October 07, 2011

The Long Winter by Laura Ingalls Wilder

Wow, yet another wonderful addition to the Little House on the Prairie series. For those of you who have never read the series, it is the author, Laura Ingalls Wilder's, tales about her life growing up with her Ma, Pa, and sisters while they traveled by wagon and lived in some pretty remote areas. From Indian territory, to Minnesota, to DeSmet, they did a lot of traveling and a lot of hard surviving in these pioneer days.

This particular book involves a very long winter in the town of DeSmet where they had settled. Laura is about fourteen and a big help to her family. When the family can tell that it will be a rough winter, and an Indian fortells seven months of snow and blizzards, Pa decides to move the family to town in his empty store building to wait out the winter. It turns out to be just as well because even in town, where all the supplies are, the winter proves to be too much for the townspeople to handle. Resorting to twisting hay for firewood the Ingalls do all they can to survive. However, since the trains can't get through food starts to become scare and the townspeople begin to starve. Their only hope now is that Almanzo Wilder (Laura's future husband) and a schoolmate of hers can make it in search of some elusive wheat that a homesteader has before there's no food left at all in the town.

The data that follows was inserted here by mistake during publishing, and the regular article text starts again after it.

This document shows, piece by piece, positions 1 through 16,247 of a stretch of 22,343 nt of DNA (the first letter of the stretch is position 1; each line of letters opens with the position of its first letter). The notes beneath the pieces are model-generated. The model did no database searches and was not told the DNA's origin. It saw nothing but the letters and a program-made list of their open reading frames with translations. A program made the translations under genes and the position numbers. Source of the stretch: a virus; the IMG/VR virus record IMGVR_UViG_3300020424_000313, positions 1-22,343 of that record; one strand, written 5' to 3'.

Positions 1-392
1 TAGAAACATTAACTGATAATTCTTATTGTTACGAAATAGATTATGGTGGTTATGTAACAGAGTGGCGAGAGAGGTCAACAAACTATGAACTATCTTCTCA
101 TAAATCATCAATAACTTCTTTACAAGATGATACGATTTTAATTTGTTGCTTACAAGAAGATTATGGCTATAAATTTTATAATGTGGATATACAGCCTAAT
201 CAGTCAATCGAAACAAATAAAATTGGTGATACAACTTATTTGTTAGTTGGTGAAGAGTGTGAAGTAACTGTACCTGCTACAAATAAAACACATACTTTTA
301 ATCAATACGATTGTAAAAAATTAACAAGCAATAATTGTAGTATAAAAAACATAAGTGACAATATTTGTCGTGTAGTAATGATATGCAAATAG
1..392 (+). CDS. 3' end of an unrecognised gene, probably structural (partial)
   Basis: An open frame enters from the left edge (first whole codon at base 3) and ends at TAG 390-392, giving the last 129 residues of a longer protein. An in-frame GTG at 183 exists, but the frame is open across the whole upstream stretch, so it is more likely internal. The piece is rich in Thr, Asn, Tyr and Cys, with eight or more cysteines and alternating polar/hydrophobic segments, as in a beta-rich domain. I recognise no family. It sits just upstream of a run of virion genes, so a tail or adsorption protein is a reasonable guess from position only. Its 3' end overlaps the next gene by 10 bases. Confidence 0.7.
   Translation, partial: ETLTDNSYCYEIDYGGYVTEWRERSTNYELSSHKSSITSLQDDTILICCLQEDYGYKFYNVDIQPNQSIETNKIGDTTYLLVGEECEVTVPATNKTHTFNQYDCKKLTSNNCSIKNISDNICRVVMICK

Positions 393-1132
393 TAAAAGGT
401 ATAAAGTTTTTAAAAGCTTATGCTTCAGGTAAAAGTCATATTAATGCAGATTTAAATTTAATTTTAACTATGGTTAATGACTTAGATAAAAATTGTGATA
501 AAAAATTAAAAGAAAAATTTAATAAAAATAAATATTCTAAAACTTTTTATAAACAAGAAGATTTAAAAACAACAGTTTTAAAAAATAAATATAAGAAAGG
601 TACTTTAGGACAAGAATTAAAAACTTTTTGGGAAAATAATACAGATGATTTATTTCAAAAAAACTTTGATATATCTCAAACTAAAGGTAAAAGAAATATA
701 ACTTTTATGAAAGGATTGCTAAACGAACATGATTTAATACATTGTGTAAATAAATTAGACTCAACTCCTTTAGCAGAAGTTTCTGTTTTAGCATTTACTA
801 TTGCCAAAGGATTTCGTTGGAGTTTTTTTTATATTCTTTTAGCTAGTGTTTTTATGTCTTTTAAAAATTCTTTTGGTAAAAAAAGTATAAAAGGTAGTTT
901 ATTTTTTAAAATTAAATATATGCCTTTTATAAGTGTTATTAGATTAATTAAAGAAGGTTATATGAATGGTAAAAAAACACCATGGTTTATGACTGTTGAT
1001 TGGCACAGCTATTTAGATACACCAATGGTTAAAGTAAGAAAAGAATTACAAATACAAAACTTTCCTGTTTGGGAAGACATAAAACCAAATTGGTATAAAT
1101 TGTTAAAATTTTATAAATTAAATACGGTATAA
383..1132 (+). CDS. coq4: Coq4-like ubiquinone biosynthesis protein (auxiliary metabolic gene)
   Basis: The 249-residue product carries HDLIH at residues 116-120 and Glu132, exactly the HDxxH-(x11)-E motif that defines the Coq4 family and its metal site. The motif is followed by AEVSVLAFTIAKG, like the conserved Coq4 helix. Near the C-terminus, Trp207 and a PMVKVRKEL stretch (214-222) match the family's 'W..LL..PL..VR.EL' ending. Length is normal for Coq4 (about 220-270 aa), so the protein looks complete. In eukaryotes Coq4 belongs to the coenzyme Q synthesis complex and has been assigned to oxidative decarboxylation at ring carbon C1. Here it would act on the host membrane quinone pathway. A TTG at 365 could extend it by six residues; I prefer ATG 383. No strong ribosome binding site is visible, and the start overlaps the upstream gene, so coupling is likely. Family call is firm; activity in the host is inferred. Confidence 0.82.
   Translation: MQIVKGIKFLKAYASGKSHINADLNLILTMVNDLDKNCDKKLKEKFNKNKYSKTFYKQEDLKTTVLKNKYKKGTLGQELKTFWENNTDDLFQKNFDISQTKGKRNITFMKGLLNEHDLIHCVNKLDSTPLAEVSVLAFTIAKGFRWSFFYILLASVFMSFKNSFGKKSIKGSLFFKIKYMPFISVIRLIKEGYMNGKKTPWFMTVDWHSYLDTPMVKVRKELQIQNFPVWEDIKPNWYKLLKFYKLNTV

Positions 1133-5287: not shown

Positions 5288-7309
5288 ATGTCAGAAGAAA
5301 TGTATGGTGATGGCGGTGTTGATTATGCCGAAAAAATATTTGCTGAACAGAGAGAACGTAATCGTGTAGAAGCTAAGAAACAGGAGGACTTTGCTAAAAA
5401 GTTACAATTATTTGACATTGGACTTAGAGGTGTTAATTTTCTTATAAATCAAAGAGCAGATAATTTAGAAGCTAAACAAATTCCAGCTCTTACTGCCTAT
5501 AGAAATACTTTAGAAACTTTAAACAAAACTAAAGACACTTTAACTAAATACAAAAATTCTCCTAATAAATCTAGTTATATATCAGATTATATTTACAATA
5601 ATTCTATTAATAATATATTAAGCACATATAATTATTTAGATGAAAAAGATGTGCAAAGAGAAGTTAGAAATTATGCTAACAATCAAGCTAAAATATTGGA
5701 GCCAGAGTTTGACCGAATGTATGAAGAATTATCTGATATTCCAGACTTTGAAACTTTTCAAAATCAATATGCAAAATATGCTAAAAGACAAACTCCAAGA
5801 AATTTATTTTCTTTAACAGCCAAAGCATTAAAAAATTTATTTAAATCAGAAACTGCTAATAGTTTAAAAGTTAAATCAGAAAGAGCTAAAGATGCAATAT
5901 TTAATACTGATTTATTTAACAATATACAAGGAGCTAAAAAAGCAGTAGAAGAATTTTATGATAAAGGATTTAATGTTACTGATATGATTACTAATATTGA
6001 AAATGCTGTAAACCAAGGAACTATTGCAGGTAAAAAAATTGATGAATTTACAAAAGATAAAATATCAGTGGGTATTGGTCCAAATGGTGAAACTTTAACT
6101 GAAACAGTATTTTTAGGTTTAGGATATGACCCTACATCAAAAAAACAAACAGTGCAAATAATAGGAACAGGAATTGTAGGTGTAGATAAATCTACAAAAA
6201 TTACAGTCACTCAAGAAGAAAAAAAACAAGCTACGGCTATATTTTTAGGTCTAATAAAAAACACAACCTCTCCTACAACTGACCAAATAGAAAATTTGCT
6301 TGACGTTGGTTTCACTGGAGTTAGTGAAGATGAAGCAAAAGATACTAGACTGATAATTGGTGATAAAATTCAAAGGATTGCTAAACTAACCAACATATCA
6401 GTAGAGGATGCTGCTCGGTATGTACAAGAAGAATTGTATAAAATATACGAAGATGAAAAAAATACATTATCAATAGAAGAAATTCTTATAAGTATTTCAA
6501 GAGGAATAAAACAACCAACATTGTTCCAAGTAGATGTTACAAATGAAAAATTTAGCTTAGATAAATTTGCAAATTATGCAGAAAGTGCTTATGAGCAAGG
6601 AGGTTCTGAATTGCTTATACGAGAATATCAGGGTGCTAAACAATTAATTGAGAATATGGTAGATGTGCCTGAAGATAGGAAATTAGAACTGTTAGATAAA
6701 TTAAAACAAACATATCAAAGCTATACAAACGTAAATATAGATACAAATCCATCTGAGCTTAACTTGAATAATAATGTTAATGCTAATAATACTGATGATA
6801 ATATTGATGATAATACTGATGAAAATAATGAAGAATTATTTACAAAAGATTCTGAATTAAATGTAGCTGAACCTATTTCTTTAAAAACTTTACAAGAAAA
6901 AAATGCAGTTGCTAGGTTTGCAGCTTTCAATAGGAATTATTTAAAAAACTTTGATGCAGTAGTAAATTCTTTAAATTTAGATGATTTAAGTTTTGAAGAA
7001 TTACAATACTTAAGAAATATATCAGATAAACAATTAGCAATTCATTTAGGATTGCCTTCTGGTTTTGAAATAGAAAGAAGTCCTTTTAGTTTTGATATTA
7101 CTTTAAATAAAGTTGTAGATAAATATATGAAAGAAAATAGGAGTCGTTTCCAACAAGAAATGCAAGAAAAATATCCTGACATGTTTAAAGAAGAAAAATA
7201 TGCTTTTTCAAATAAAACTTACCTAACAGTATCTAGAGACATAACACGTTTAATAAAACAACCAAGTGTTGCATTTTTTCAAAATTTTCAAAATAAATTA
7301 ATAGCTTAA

The characters in this, and I say characters because they are somewhat embellished by Wilder, are pretty wonderful. They all have their unique attributes although some don't get a lot of time dedicated to them in the book (like Grace, Laura's youngest sister). I do have to say that I'm disappointed that in all her books she never mentions her brother who died as a baby. Its like he vanished. It was also nice to see Almanzo Wilder in this. He did appear briefly in the last book and of course Farmer Boy was all about him, but this book really marks the start of where he starts interacting with Laura's family.

Wilder writes very well for children. The language is easy to understand, as are the descriptions. She really makes her life vivid through her words and although things are much much different now, it is easy to picture how she lived. There are a couple of things that could be found offensive in this book. Ma does not like Indians, and doesn't have a problem voicing her opinions. Almanzo also makes a comment that could be potentially offensive as well. Regardless though, it is still worth the read.

Its such a charming series and I always enjoy reading it at least once a year. This book in particular interested me just because of all the hardship they go through. Its amazing how they kept it together and survived (even cheerfully if the book is to be believed) despite all the odds against them. I highly recommend this book and the series for all ages.

The Long Winter
Copyright 1940
335 pages

No comments:

Post a Comment